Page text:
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J. Funct. Biomater. 2015, 6(2), 259-276;

Using Magnetic Nanoparticles for Gene Transfer to Neural Stem Cells: Stem Cell Propagation Method Influences Outcomes

Cellular and Neural Engineering Group, Institute for Science and Technology in Medicine, Keele University, Keele, Staffordshire ST5 5BG, UK
Department of Physiology, Development and Neuroscience, University of Cambridge, Anatomy Building, Downing Street, Cambridge CB2 3DY, UK
These authors contributed equally to this work.
Author to whom correspondence should be addressed.
Academic Editor: Francesco Puoci
Received: 1 April 2015 / Revised: 11 April 2015 / Accepted: 16 April 2015 / Published: 24 April 2015
(This article belongs to the Special Issue Feature Papers)
Full-Text   |   PDF [1688 KB, uploaded 24 April 2015]   |  


Genetically engineered neural stem cell (NSC) transplants offer a key strategy to augment neural repair by releasing therapeutic biomolecules into injury sites. Genetic modification of NSCs is heavily reliant on viral vectors but cytotoxic effects have prompted development of non-viral alternatives, such as magnetic nanoparticle (MNPs). NSCs are propagated in laboratories as either 3-D suspension “neurospheres” or 2-D adherent “monolayers”. MNPs deployed with oscillating magnetic fields (“magnetofection technology”) mediate effective gene transfer to neurospheres but the efficacy of this approach for monolayers is unknown. It is important to address this issue as oscillating magnetic fields dramatically enhance MNP-based transfection in transplant cells (e.g., astrocytes and oligodendrocyte precursors) propagated as monolayers. We report for the first time that oscillating magnetic fields enhanced MNP-based transfection with reporter and functional (basic fibroblast growth factor; FGF2) genes in monolayer cultures yielding high transfection versus neurospheres. Transfected NSCs showed high viability and could re-form neurospheres, which is important as neurospheres yield higher post-transplantation viability versus monolayer cells. Our results demonstrate that the combination of oscillating magnetic fields and a monolayer format yields the highest efficacy for MNP-mediated gene transfer to NSCs, offering a viable non-viral alternative for genetic modification of this important neural cell transplant population. View Full-Text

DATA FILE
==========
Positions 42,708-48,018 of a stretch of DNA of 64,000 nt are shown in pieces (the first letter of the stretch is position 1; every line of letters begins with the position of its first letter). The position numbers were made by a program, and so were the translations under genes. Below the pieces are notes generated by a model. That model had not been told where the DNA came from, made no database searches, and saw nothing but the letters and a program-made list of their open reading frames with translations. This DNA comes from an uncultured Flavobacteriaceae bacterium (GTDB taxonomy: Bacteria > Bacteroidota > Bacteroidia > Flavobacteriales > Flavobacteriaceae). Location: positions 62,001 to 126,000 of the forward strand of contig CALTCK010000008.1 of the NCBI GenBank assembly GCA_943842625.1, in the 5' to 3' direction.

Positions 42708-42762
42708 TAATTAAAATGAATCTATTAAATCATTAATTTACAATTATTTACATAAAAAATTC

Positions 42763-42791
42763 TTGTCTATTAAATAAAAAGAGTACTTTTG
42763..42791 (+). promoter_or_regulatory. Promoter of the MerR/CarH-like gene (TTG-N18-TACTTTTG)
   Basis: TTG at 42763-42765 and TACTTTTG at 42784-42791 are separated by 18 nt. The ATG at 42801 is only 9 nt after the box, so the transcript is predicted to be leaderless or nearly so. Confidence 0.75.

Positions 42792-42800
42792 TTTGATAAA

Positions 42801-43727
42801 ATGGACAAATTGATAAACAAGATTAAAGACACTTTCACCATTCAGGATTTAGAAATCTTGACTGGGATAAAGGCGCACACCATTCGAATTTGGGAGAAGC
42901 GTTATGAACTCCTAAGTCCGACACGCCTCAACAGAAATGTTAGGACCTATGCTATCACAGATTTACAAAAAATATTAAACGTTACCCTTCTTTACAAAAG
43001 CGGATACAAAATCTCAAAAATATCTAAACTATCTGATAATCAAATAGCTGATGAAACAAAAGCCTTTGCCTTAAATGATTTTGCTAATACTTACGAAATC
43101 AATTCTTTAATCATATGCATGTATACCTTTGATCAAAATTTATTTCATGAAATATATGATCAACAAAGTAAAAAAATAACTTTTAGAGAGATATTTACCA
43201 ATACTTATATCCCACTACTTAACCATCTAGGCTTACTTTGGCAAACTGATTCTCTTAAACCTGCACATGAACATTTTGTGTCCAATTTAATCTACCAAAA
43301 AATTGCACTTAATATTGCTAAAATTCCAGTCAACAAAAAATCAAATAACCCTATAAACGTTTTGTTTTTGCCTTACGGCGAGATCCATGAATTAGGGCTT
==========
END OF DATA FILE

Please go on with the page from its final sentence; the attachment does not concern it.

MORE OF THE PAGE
Keywords: nanoparticle; magnetofection; neural cell; stem cell; transplantation; genetic engineering nanoparticle; magnetofection; neural cell; stem cell; transplantation; genetic engineering

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Pickard, M.R.; Adams, C.F.; Barraud, P.; Chari, D.M. Using Magnetic Nanoparticles for Gene Transfer to Neural Stem Cells: Stem Cell Propagation Method Influences Outcomes. J. Funct. Biomater. 2015, 6, 259-276.

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